H1N1 Still Circulating, Uptick Seen in Southeastern U.S.

Most hospitalizations seen in adults with chronic conditions; officials still urging vaccination
By Andrea Mongler
HealthDay Reporter

TUESDAY, March 30 (HealthDay News) -- The H1N1 influenza virus is still circulating throughout the United States, and there has even been an uptick in the number of cases in the southeast, health officials said during a March 29 press briefing by the U.S. Centers for Disease Control and Prevention.

In Georgia, there were 40 flu-related hospitalizations last week, said Anne Schuchat, M.D., director of the CDC's National Center for Immunization and Respiratory Diseases in Atlanta. This was Georgia's third week in a row as the state with more hospitalizations from laboratory-confirmed H1N1 influenza than any other state. In addition, Schuchat said that regional H1N1 activity has been reported in South Carolina and Alabama, and that local activity has been reported in Arkansas, Louisiana, Mississippi, North Carolina, Tennessee, Virginia, New Mexico and Hawaii, as well as Puerto Rico.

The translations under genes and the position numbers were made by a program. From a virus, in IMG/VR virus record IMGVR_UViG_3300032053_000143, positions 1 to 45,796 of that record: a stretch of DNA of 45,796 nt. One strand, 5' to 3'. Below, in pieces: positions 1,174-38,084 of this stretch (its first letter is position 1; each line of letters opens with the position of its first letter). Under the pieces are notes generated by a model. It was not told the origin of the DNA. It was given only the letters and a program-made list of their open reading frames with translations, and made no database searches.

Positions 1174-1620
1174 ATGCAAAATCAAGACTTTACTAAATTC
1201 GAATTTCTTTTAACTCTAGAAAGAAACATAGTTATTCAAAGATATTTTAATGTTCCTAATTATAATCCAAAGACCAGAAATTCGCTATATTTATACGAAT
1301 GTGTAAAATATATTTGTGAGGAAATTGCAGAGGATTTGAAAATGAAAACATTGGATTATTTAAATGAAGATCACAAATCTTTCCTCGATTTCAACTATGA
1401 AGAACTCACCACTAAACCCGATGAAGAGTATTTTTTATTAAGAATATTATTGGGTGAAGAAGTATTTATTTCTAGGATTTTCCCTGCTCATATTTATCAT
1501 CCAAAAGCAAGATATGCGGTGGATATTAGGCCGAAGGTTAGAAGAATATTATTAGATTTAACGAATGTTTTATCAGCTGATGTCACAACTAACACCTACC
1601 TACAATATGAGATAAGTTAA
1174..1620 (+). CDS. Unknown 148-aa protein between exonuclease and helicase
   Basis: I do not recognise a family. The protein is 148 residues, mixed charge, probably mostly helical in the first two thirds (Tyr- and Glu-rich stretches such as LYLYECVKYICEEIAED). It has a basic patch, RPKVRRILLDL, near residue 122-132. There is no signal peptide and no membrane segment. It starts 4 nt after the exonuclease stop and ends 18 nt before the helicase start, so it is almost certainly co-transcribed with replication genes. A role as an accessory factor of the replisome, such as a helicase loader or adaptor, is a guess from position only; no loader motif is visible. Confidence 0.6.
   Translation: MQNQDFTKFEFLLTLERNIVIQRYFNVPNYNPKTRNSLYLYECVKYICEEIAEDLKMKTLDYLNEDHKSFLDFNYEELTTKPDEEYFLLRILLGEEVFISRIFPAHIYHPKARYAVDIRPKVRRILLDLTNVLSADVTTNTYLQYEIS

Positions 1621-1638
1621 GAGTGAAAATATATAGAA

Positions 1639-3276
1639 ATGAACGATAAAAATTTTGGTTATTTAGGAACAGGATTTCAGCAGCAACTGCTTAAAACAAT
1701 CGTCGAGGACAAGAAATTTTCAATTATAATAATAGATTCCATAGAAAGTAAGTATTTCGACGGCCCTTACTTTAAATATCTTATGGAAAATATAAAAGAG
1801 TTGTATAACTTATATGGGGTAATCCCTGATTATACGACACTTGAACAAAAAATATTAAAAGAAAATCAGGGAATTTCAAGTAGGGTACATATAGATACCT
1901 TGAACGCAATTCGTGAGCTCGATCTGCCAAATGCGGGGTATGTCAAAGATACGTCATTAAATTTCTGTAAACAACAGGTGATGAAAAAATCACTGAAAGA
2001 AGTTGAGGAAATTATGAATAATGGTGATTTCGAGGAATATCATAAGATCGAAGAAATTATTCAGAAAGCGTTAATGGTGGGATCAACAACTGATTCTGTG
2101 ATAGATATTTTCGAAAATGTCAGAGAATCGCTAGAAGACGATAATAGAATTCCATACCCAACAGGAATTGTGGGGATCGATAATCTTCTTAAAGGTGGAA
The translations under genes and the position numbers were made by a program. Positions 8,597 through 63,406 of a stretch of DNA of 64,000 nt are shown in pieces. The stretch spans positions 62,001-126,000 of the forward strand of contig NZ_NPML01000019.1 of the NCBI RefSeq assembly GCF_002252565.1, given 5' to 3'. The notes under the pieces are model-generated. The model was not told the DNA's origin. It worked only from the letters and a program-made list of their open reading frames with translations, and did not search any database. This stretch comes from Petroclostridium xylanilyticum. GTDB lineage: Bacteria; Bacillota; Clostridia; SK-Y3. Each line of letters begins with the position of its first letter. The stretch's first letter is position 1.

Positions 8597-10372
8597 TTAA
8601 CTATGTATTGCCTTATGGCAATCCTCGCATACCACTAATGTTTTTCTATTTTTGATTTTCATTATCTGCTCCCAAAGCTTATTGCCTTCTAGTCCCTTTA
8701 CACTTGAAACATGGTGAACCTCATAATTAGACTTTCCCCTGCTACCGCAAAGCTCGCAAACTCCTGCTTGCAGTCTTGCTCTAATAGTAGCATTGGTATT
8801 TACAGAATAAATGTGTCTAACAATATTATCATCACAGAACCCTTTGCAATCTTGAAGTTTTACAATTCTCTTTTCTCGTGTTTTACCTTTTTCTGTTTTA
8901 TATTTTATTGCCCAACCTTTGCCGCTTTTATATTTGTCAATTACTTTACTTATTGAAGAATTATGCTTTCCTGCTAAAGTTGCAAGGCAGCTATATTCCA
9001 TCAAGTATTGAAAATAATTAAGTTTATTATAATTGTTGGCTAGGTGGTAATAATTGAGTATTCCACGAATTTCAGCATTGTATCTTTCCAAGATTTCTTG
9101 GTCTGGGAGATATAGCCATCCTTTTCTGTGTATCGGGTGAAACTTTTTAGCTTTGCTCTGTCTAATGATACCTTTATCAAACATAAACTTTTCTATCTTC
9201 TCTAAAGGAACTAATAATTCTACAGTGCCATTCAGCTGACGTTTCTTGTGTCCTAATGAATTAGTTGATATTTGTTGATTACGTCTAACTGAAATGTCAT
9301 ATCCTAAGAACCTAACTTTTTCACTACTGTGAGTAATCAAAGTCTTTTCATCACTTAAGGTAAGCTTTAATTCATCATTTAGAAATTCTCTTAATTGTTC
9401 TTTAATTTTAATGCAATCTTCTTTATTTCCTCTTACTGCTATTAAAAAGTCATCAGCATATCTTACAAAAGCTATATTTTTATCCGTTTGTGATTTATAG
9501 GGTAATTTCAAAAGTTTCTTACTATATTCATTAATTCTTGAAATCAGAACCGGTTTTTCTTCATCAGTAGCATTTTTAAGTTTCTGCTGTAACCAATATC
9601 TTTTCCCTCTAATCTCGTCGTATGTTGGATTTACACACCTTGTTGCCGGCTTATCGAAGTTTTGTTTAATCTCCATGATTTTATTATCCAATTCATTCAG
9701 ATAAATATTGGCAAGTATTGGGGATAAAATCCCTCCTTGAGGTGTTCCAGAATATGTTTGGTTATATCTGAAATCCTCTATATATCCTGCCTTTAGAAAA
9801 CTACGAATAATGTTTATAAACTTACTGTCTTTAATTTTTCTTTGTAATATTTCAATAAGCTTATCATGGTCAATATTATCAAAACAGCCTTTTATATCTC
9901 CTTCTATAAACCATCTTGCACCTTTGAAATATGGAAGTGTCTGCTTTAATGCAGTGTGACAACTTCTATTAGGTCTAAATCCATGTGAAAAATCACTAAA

Most of the recent hospitalizations have involved adults with chronic health conditions. Health officials are urging people -- especially those with chronic conditions -- to get vaccinated for H1N1.

"Although disease rates are much lower on average around the country than last fall, H1N1 is still circulating and people continue to become ill and be hospitalized and to die from this virus," Schuchat said.

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